Here, the court notes, nothing in the American Rescue Plan Act of 2021 referenced vaccine mandates. Further, the Court reports that in December 2021, most U.S. Senators voted to disapprove of the OSHA vaccine regulation. The Court concludes that OSHA has no legitimate basis for exercising far-reaching powers without Congressional support to grant it such powers.
The Rule is Not Narrowly Targeted to Certain Industries or Workers
The court found that OSHA’s attempt to regulate the “hazards of daily life” such as crime, air pollution, and now, apparently, COVID-19 was an impermissible expansion of its regulatory authority. Further, the court believes that a standard vaccine mandate applied to workplaces that do not have a high risk for COVID-19 is overly broad. However, the court left open the possibility that a narrowly tailored rule, for example, one regulating researchers who work directly with the COVID-19 virus, might pass judicial scrutiny.
Dissent Aghast that COVID-19 Not Considered A Grave Workplace Danger
The dissenting opinion, authored by Justices Breyer, Sotomayor, and Kagan, begins by admonishing the majority about the dangers to Americans from unchecked COVID-19 workplace transmissions – a threat that the majority seemed to downplay.
The dissenters note, for example, that most work environments involve person-to-person contact in confined indoor spaces where most employees have little control or capacity to mitigate exposure risk. Given that, the justices conclude that the vaccine or test rule issued as an emergency temporary standard falls within OSHA’s core mission to “protect” employees from “grave danger” that comes from “new hazards.”
The dissent broadly takes issue with the majority’s framing of the rule as an unprecedented executive branch power grab. Instead, they argue that the six-month rule had sufficient guardrails to limit the extent of the administrative agency’s directive. For example, the rule exempts remote, solo, and outdoor workers, allows employers to consider religious and medical objections, and offers a testing/masking alternative to the vaccination. More importantly, the dissenting justices see no statutory basis for limiting OSHA’s powers to risks that exist exclusively in the workplace. They argue that OSHA has long regulated risks that arise within and outside the workplace, such as fire, faulty electrical installations, inadequate emergency exits, excessive noise, and unsafe drinking water. These hazards also exist in stadiums, schools, hotels, and homes, yet OSHA’s authority to regulate these risks stands mostly uncontested. While the majority bristles at a regulation that could affect up to 80 million workers, the dissent points out that OSHA has often issued broad workplace rules that have applied to millions of workers without prompting a judicial review.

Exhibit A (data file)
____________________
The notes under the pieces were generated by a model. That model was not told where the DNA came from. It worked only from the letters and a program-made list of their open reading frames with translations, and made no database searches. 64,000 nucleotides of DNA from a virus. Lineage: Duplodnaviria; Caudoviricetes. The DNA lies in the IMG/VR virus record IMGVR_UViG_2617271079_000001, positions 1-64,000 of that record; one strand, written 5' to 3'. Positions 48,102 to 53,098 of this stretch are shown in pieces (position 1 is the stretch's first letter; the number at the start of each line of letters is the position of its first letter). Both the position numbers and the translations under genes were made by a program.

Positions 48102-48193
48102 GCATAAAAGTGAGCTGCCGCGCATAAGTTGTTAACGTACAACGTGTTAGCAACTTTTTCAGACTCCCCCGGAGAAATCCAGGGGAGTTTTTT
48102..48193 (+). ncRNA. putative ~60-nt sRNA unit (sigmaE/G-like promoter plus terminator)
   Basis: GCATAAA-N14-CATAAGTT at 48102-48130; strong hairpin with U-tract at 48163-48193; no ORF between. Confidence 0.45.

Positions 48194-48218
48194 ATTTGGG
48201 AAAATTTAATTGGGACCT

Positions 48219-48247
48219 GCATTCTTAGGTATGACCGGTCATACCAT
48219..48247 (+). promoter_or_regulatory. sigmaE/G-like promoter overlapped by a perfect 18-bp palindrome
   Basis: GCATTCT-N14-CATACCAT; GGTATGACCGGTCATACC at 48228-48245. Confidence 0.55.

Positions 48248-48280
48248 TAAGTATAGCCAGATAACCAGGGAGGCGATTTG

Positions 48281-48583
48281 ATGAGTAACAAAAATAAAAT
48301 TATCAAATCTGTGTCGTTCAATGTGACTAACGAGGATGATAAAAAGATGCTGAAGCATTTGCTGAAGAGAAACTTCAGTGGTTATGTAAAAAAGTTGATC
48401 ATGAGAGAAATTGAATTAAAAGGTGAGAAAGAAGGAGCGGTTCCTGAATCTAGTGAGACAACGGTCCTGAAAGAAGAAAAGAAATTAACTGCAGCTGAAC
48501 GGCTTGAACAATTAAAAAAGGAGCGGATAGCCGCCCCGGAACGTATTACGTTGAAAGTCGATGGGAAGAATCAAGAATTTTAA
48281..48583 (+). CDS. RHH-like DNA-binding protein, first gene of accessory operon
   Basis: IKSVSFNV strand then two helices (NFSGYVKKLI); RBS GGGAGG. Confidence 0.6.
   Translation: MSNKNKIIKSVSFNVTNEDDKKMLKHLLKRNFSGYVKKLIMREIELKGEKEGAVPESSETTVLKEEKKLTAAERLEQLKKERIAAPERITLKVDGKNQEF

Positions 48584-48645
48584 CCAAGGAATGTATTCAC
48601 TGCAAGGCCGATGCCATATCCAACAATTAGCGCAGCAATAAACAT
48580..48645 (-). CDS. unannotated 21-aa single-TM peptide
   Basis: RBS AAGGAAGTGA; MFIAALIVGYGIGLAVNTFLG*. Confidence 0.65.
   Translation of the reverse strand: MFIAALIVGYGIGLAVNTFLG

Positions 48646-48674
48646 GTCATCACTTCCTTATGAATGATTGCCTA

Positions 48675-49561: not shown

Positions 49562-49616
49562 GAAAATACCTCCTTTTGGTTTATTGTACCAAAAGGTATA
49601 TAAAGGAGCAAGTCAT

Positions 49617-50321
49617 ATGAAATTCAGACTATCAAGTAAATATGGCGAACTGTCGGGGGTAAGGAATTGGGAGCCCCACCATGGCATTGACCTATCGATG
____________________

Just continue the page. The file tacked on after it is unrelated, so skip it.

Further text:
In a scathing conclusion, the liberal justices contend that OSHA’s workplace rule was informed by fifty years of expertise in workplace safety while the majority unwisely relied on its own scant knowledge of employee safety to reach its opinion. In a not-so-veiled nod to the political undercurrents of the issue, the justices remind the majority that the public will judge the actions of an executive administration at election time. Unlike the actions of the Supreme Court as “its’ members are elected by, and accountable to no one.”
Healthcare Workers COVID-19 Vaccine Rule
The Department of Health and Human Services (DDHS) administers the federal Medicare and Medicaid programs and has general authority to regulate healthcare facilities that receive Medicare/Medicaid funding. As part of its mission is to protect patients’ health and safety, so DHHS may legitimately impose certain conditions upon facilities to receive federal funding. For example, DHHS may require that certain providers develop programs to prevent the transmission of infectious diseases.
On November 5, 2021, DHHS added a new requirement for receiving funding: those facilities had to ensure that their covered staff was vaccinated against COVID–19. A facility’s failure to comply may lead to monetary penalties and ultimately termination of participation in the programs.
Shortly after the agency’s rule was announced, two groups of states – one led by Missouri, and one led by Louisiana – filed separate actions challenging the rule. The federal government then asked the Supreme Court to stay both injunctions. On this argument, the government won.
Majority Upholds the Vaccine Rule for Healthcare Workers
For this question, the liberal justices persuaded two members of the conservative wing to join them for the court’s second “per curium”decision. The majority pointed out in its ruling that “vaccination requirements are a common feature of the provision of healthcare in America,” and said, “Healthcare workers around the country are ordinarily required to be vaccinated for diseases such as hepatitis B, influenza, and measles, mumps, and rubella.”